and I would never survive the three-week trip to Cape Town
we had scheduled for July.
now November, and I am happy to report that we are alive
and enriched after our journey to South Africa. Kim did
not exaggerate about the pace that our parents keep. The
appointments, phone calls, problems and opportunities are
overwhelming to observe.
my fourth trip to Cape Town, and one of my goals was to
come home with the appropriate ˝wordsţ to effectively articulate
my impressions of South Africa to inquisitive friends and
others. I═ve always been frustrated by my inability to talk
succinctly about that place.
I repeatedly find myself using inadequate descriptors
like ˝it═s an amazing countryţ or ˝the people are incredibleţ
or ˝it═s a very complicated societyţ.
What I learned this past trip is that I am still
so busy trying to understand and manage my feelings about
South Africa Ă feelings so deep and often contradictory
Ă that the ˝wordsţ may be a long time coming.
try to illustrate those feelings by describing the final
Saturday Ă just one day Ă of our visit. I would remind you that, for my parents, this sort of day is
wake up thoroughly excited. Today is the launching of the
Youth Reading Role
Models program Ă a program I provided training for
two years ago and that has since been modified and implemented
in over 10 schools throughout the Western Cape!
I═m sorry that Tim and Zander can═t come, but it═s
going to be a long day and Dad would have to make two trips
to Guguletu and back because the car is full. Besides Tim and Zander can go to the Two Oceans Aquarium while
we═re gone. They═ll have a great time.
in the car and immediately feel aggravated that Tim isn═t
with me to share this experience.
Instead, in the car are the Webber═s Ă complete strangers
who were on a weeklong trip deciding whether or not to give
2 years of their time to helping the Foundation in Cape
Town. I really
like the Webbers and am thrilled that they have since decided
to sell their home and move to Cape Town to volunteer for
the Foundation. But on this particular day, I feel aggravated.
into the township and I have to remind Dad to lock the doors.
I can═t help but feel frightened and think of Amy
driving down these very roads to her death. I think about
that fact that had she not driven into Guguletu that horrible
Wednesday, she would still be alive to be my friend and
meet my son. I admonish myself for feeling selfish.
we drive by the site where she was stabbed to death.
Mom and Dad do it everyday. The community has erected
a sign that reads something like ˝Guguletu Section 3 Ă Amy
Biehl═s last homeţ.
I feel sick.
This was not her home.
She may have loved it dearly, but it was not her
home. At the same time, I feel proud.
Amy has not and will never be forgotten. Her legacy lives on and she is loved in the community she gave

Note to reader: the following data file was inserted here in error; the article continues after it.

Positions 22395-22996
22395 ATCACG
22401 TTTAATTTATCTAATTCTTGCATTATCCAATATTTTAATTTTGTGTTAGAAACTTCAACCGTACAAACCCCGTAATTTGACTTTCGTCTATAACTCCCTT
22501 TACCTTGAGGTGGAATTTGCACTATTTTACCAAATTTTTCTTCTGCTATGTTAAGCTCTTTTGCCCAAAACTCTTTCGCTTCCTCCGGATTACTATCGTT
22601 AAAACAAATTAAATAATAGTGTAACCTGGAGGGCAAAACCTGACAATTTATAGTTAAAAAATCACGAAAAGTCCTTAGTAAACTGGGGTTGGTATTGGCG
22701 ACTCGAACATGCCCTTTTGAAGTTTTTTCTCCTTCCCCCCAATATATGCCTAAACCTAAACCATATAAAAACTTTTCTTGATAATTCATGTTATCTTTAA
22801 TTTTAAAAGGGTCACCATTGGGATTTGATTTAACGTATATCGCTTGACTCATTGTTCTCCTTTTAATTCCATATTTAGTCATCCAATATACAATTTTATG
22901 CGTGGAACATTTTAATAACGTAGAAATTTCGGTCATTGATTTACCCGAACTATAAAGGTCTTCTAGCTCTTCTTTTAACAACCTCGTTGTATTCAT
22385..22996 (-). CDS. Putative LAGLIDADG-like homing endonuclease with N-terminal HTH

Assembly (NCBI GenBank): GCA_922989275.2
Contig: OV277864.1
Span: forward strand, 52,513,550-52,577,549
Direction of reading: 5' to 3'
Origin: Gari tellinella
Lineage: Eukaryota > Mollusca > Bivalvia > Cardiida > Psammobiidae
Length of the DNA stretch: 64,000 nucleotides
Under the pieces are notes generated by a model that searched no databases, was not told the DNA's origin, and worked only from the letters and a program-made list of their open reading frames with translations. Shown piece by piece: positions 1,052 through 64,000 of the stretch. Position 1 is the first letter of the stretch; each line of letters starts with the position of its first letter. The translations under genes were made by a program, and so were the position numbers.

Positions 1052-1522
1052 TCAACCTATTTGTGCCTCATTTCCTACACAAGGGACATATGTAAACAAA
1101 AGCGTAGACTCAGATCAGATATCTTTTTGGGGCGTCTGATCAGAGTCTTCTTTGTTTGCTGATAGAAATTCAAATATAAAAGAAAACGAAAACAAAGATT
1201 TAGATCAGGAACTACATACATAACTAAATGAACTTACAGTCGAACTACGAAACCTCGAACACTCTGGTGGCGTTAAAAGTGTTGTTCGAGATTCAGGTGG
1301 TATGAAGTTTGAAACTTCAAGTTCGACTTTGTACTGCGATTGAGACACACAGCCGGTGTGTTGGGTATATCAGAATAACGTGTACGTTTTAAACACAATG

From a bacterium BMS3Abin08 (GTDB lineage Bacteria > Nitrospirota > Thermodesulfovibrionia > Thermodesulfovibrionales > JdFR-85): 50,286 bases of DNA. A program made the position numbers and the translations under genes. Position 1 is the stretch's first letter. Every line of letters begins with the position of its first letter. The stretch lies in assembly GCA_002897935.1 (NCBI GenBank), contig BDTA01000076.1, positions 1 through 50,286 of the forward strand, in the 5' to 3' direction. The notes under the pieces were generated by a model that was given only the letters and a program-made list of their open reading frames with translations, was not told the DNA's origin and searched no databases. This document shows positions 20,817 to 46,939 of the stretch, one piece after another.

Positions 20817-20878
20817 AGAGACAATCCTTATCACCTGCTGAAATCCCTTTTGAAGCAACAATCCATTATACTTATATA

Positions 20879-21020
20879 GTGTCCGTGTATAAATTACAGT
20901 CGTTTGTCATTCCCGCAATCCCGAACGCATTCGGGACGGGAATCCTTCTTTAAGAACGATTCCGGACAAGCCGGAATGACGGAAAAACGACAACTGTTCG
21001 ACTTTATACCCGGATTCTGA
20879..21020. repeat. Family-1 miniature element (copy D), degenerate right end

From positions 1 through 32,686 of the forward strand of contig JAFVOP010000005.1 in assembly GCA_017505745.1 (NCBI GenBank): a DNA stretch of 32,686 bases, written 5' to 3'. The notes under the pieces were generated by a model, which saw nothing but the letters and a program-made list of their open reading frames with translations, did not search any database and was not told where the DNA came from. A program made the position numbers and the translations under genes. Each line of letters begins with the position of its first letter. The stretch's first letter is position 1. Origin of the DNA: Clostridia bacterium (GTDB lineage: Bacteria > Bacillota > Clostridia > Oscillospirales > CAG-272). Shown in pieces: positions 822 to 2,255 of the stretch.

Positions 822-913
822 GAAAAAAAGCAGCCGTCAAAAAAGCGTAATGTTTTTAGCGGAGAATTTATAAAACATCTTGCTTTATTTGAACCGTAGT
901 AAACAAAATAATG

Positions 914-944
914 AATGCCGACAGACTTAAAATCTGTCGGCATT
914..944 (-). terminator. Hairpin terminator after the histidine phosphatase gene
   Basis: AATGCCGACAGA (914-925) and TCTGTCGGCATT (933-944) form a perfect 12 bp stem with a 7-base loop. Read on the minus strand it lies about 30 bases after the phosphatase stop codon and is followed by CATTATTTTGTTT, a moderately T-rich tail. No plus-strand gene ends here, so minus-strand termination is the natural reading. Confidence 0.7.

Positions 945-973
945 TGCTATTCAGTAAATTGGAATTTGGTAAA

her life to serve.
Dad telling Mr. Webber that the bus parked in front of the
sign is a Township Tourbus that regularly stops to tell
Amy═s story. I
feel disbelief and anger.
I do not want to share my sister with complete strangers
Ă not in this horrible way Ă a bus load of people staring
at a plot of grass near a gas station fence where a once
vibrant woman was beaten and stabbed and bloodily staggered
about while gasping for her last breaths of air. I want
to scream, ˝remember her differently and do not pity her!ţ
horribly sad and begin to cry, thinking the tears will never
been gone for 7 years.
How could the time have gone so quickly?
I wish I could just talk to her and tell her I love
her and that I wanted so much to be like her.
at the community center where the program launch is to take
place. I get
out of the car shaking and alone. I feel the cold wind on
my face and in my hair. I can═t stop crying and Mom and
Dad comfort me.
to compose myself and enter the Community Center.
It═s a beautiful new center which stands in striking
contrast to the homes across the way made from corrugated
tin and cardboard. The inside is light and airy with basketball
hoops and clean restrooms.
This stuff excites me and would Amy too.
The people begin trickling in -- township residents,
student readers, teachers, reporters, marimba players, a
children═s choir, parents, distinguished speakers and Foundation
about not wanting to talk to anyone. I feel embarrassed
that I═ve been crying and my eyes sting from the tears.
I wander over to the refreshment area Ă sandwiches
made from ˝Amy═s Bread Ă The Bread of Hope and Peace.ţ
I wonder what Amy would think of a brand of bread
baked by local South Africans in her name. I giggle when I think about how much she loved bread and food,
eventually begins -- I say eventually because we═re on ˝Africa Time.ţ First,
there═s song and prayer, and the marimbas play too. It═s the singing that I love the most Ă the rich, harmonious
voices of the township ˝mama═sţ who sing of years of suffering,
sing of great pride and sing of an often elusive hope. The
music tingles its way through my most inner core to my arm
hairs, my fingers, my head and my toes.
I wonder how these impromptu songs always sound so
beautiful and rehearsed and why, if I can═t understand their
words, they make me feel comfortable and understood.
it is time for the actual program remarks.
Nwabisa, an employee of the Foundation and friend
of mine, has organized the ceremony.
She is dressed in traditional Xhosa wear Ă bright
orange ribbed with black.
She looks like a doll with her large, round eyes
looking out from beneath her meticulously wrapped headpiece.
She speaks in Xhosa and Samora (another employee)
translates into English. I am in awe of their ability to speak numerous languages and